My punishment became my path?

Reminiscing the other day, I remembered that one of my Father’s punishments for me was to ground me. Basically, the idea was that I when I came home from school, I couldn’t watch TV, play outside, talk on the phone or do anything other than chores, homework, eat dinner, and stay in my room. Sweeping the dust and pushing the dirt for punishment? WTF?

Upon remembering this, a few things came to mind.

1) Our society has gotten to the point where unplugging one’s self from the stresses, distractions and attachments of the world is punishment. The reward is a life full of suffering, delusion, and distraction from the true nature of reality. How can we expect to advance as a society when this is the way we encourage each other to live?

2) What would I be like today, if being alone with my thoughts (cultivating mindfulness), and playing outside, adoring nature were my rewards, and plugging into the TV and video games had been my punishment?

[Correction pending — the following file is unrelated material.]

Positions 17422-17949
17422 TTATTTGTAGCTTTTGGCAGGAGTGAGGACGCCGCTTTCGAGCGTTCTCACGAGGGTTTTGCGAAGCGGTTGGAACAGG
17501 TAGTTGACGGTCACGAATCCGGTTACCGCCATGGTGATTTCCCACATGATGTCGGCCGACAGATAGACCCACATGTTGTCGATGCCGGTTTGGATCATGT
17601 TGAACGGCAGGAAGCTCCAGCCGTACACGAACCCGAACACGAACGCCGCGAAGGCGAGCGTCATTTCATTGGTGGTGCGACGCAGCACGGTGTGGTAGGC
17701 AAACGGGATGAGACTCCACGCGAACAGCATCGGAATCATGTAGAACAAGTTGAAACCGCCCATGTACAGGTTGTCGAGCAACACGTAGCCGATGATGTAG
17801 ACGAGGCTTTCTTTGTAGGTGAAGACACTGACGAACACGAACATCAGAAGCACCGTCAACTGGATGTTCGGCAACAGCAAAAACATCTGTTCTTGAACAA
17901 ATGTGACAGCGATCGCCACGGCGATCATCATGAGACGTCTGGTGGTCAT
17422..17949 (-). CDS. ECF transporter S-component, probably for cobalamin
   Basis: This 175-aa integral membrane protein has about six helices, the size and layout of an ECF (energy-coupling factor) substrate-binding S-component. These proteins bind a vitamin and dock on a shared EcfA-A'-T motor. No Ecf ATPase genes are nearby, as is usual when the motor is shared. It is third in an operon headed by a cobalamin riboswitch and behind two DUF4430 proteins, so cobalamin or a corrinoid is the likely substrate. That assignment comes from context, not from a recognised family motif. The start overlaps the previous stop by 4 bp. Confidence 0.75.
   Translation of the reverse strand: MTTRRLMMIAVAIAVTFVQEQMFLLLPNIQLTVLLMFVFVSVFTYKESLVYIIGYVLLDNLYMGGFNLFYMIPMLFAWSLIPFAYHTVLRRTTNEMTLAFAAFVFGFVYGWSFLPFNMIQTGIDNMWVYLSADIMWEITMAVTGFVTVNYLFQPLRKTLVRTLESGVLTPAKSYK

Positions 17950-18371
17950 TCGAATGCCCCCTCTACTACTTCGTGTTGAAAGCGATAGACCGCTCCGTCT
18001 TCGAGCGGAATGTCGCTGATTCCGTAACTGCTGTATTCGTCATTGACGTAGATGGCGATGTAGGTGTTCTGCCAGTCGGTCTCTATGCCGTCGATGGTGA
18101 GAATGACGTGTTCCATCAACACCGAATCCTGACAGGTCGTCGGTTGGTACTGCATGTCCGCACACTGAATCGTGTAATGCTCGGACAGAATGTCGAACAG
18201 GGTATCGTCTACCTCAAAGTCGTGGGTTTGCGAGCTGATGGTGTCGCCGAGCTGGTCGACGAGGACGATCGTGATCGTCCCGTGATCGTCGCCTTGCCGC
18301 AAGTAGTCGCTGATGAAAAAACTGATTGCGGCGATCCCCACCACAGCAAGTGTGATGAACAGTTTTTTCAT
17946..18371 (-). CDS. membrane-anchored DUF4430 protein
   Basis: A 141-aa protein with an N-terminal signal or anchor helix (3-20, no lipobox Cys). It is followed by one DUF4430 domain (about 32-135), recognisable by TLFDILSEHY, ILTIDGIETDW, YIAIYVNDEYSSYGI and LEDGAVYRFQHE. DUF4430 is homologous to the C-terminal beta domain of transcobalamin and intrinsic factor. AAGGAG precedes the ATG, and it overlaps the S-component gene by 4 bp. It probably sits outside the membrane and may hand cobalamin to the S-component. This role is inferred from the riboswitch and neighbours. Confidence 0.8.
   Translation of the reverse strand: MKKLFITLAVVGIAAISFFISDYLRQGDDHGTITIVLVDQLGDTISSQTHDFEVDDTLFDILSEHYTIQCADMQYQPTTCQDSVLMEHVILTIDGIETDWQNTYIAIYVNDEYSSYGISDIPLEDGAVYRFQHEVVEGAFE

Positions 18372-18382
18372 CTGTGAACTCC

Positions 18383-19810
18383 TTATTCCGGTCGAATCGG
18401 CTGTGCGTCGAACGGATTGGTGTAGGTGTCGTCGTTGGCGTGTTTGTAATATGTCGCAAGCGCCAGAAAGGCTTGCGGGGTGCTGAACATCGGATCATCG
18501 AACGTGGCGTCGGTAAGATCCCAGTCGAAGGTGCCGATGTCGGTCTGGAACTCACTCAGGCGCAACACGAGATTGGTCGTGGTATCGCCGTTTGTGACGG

3) How truly attached to my “things” I was to get so upset over not being able to use them for a couple of hours! This life of attachment and distance from one’s self is addicting, more powerful than any drug that grows in the ground or is made in a lab.

Okay, enough of that. Time to go play Call of Duty.

Cheers.

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5 Comments

Filed under Buddhism, Parenting

5 responses to “My punishment became my path?

  1. You know, very odd how we dislike bordom so much, yet in our practice its one of the first hurdles we have to overcome. I can still get bored easy and I try to use that as a practice, but its difficult sometimes. I find my mind searches out those pleasure buttons and when it doesnt get its way, it gives me hell.

    COol post!

  2. It dawned on me that “grounded” has at least two distinct meanings, and I’ve just found (forced actually) a connection between them. When you were grounded, you became grounded. If you plan on using that, you’re going to have to pay me.

  3. This is so true! The profundity of it tickles my brain. Isn’t it strange how we tend to do the exact opposite of what is actually good for us? Now if I could only remember that in the moment rather than after the fact….